The Algona Upper Des Moines from Algona, Iowa on September 13, 1960 · Page 30
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The Algona Upper Des Moines from Algona, Iowa · Page 30

Algona, Iowa
Issue Date:
Tuesday, September 13, 1960
Page 30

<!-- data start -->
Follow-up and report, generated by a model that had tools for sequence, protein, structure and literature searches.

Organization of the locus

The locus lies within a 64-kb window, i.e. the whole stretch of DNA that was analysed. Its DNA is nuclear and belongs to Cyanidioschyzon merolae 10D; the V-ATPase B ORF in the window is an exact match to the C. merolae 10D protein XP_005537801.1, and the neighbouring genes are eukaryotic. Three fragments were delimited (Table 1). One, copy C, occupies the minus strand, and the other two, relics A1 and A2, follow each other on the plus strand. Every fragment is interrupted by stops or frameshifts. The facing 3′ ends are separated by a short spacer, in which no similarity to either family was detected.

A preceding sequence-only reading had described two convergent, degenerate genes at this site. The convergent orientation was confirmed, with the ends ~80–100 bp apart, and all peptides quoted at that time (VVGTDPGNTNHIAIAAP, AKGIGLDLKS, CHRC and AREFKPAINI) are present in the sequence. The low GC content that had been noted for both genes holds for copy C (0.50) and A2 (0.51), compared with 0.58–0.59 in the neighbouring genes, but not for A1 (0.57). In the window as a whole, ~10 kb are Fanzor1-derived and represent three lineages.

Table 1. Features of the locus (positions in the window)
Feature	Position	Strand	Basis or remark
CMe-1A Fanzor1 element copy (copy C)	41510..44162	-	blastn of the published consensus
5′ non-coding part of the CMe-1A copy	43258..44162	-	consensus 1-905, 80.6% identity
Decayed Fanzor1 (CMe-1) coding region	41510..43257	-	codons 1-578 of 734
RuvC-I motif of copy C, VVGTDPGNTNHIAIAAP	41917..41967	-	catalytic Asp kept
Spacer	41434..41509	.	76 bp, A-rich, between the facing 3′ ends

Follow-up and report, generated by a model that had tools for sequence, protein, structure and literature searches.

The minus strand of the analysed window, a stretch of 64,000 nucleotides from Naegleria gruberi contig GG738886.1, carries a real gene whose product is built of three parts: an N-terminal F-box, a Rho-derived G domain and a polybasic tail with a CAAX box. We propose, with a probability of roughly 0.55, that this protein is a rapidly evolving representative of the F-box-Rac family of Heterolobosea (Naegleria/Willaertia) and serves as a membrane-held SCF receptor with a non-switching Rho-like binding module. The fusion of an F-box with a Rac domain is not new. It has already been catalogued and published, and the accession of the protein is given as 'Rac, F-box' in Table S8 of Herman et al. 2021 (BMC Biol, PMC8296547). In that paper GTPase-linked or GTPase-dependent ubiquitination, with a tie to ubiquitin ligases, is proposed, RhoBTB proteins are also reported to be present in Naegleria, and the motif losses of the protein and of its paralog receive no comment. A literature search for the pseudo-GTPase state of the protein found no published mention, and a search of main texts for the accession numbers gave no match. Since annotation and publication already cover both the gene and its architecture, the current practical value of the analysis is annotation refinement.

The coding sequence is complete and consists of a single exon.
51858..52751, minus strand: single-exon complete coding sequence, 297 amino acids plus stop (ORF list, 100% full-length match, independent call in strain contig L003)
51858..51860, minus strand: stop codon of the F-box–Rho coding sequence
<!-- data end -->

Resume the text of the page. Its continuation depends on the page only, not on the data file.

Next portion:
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Good Recorts How would you like to increase your net profits by $30 or more per cow next year? That would mean an extra $1,060 profit on a 35- cow herd. A lot of dairymen around the country are doing this and their "secret" is making use of detailed production records. During the past two years a group of dairymen in a nearby midwestern state increased average annual production by 1,118 pounds of milk and 34 pounds of fat just by starting on a record-keeping system and making use of the records in managing their herds. The thing I was most surprised about was the number of cows 1 had that were not making me a cent," commented one dairyman. Since he began keeping production records, this dairyman has boosted the net income from his 24-cow herd by an extra $768 a year. Why are these records such a help? First of all. few dairymen know exactly how much milk their individual cows are producing. "I thought some of my cows were giving about 9,000 pounds a year, but when I started keeping records I found they weren't nearly that good," says a Michigan dairyman. It didn't take him long to cull out the loafers. By improving his feeding and management he has boosted the average of his 25 cows to 10,000 pounds of milk and at the same time has tripled net income. "If a cow doesn't now produce better than 8,000 pounds of milk a year she's not worth much to me," he says. Records are a big help in seeing that your cows are fed right, too. A number of dairymen have found they have been feeding some, cows twice as much grain as needed while others have been underfed. Both practices are quite costly. Take for instance a 50- oow herd being fed a concentrate mix costing $3 a cwt If each cow in the herd is getting one pound more grain than she needs each day. you're wasting $45 a month. On the other hand, a cow that's being underfed by one pound of concentrate a day will end up producing an average of two pounds less milk than her daily potential. If you're getting $4 per cwt. for milk Out's a loss of about $2.40 a month. Assuming that daily one-half the cows are being overfed and the rest underfed by one pound of grain each, this means you're losing a total of $8150 a month on a 50- cow herd. Through proper feeding you .would gain an extra $1.000 a year. Improve dairy profits Here's a central processing center set up to automatically tabulate dairy production records. While initial cost of these centers is high, charges to the dairyman are very reasonable since his are only a few of many thousands of individual cow records that are processed here each month. The information recorded for each cow at the farm is punched into cards. Electronic computers then make fast work of analyzing the data. It doesn't take much time to weigh each cow's milk one day a month and record it on proper forms. After butterfat tests have been made and all calculations completed you can' tell exactly how valuable each of your cows is to the dairy operation. Dairymen who make use of such records are quick to back up the value of such worth-while information. Many of them say, "We wouldn't be without these records if the charge was twice this high." Besides helping to improve profits, records can be a big help in obtaining needed credit from local lending agencies. purchase of this special 12-tube dispenser you And with the Ifcn •amycu for Mastitis. you'll _ _ _ -w . •Uvoritom^tktw.tiMot-tiieUrtmt.iliB, brand by £w • And a ran,3-hUded $1.49 value brow's knife mull want ----- •ftstod in actual X-t»jr stedias of liviai myeui for mastitis: • goes to vork fast • b raik throughout the udder to hit «wn • then mOke out fast and completely. Get some today and be ready for the

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